It looks like Godard wanted to help the immortality of the old story by Merimee (vocally framed and reinforced by Bizet’s opera) by saving it from anthropological tautology. Indeed, what is so big deal about an amorous affair and its noisy betrayal? We know thousands of stories like that – love-betrayal-and-revenge – human thinking’s narrow range. And that’s all – the melting of two souls together, intercourses, orgasms and dreams about new intercourses and new orgasms with the same or new partners. Can our spacious specie do better than this? Godard provocatively transferred this bunch of anthropological banality into our epoch, when horrific wars, incredible technical-scientific discoveries, unimaginable works of art and ambitious political revolutions were already created. Can it be, that Carmen and Joseph-Jose are the new faces of humanity?

How does the modern Carmen love, better or worse than the previous one? How does Joseph revenge, bloodier or less bloody than his forerunner? May be, lovers have become smarter and are able to resolve the incongruity of their passions in a more learned and advanced manner? Oh, don’t expect anything like “progress” in human wisdom or education, etc. Development in history is not going from just worse to just better. In short, according to Godard’s “First Name: Carmen”, development took place from meaninglessness to even more meaninglessness, and from messiness in thinking to even more mess in thinking.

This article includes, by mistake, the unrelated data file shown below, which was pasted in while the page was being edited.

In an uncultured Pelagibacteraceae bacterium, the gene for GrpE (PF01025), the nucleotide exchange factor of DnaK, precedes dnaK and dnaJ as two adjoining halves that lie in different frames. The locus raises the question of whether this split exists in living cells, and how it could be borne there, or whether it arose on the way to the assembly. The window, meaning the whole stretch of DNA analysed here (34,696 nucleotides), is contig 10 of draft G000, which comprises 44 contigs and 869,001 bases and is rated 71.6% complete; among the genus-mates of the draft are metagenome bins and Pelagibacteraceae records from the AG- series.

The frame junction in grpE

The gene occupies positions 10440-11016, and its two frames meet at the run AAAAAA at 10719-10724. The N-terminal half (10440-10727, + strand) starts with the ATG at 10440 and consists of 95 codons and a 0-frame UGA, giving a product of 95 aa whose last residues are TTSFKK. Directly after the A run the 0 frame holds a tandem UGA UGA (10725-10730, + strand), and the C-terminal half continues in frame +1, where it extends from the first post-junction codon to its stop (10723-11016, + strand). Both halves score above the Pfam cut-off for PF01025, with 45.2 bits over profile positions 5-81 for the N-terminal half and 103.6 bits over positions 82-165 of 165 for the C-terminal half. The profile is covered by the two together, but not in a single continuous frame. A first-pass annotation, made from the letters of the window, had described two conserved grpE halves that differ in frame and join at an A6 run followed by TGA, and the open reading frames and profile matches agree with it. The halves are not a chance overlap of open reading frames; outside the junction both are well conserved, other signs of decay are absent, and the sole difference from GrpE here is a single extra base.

It’s not that progress didn’t take place at all. Jose-the soldier is transformed into Joseph-the policeman – not a big difference, but today’s Carmen is certainly more intelligent and not less feminine and she is no less able to love, but… in a civilized and prosperous France of the 80s, she is, somehow, stifled much more than the Carmen of the past, much less able to open herself to the world with a freedom of her amorous passion. Today’s Carmen is suffocated by the calculating strategies of competing and fighting socio-political structures having transformed human beings into its pans-fighters. Today’s Carmen is a “progressive activist” in and against equally corrupted and ideologically bankrupt enterprises. Jose/Joseph, a person with conservative sensibility, didn’t change, but Carmen as a progressive person is changed for the worse. Left (progressive) or right (conservative) orientation in politics today are both inseparable from big money machine and, therefore, from greed and strategic calculation/ manipulation (both oriented only on success over the opponent). And when the opposing political parties use ideological motifs they always (artificially) propagandize them because their chief strategists think only in terms of success and money.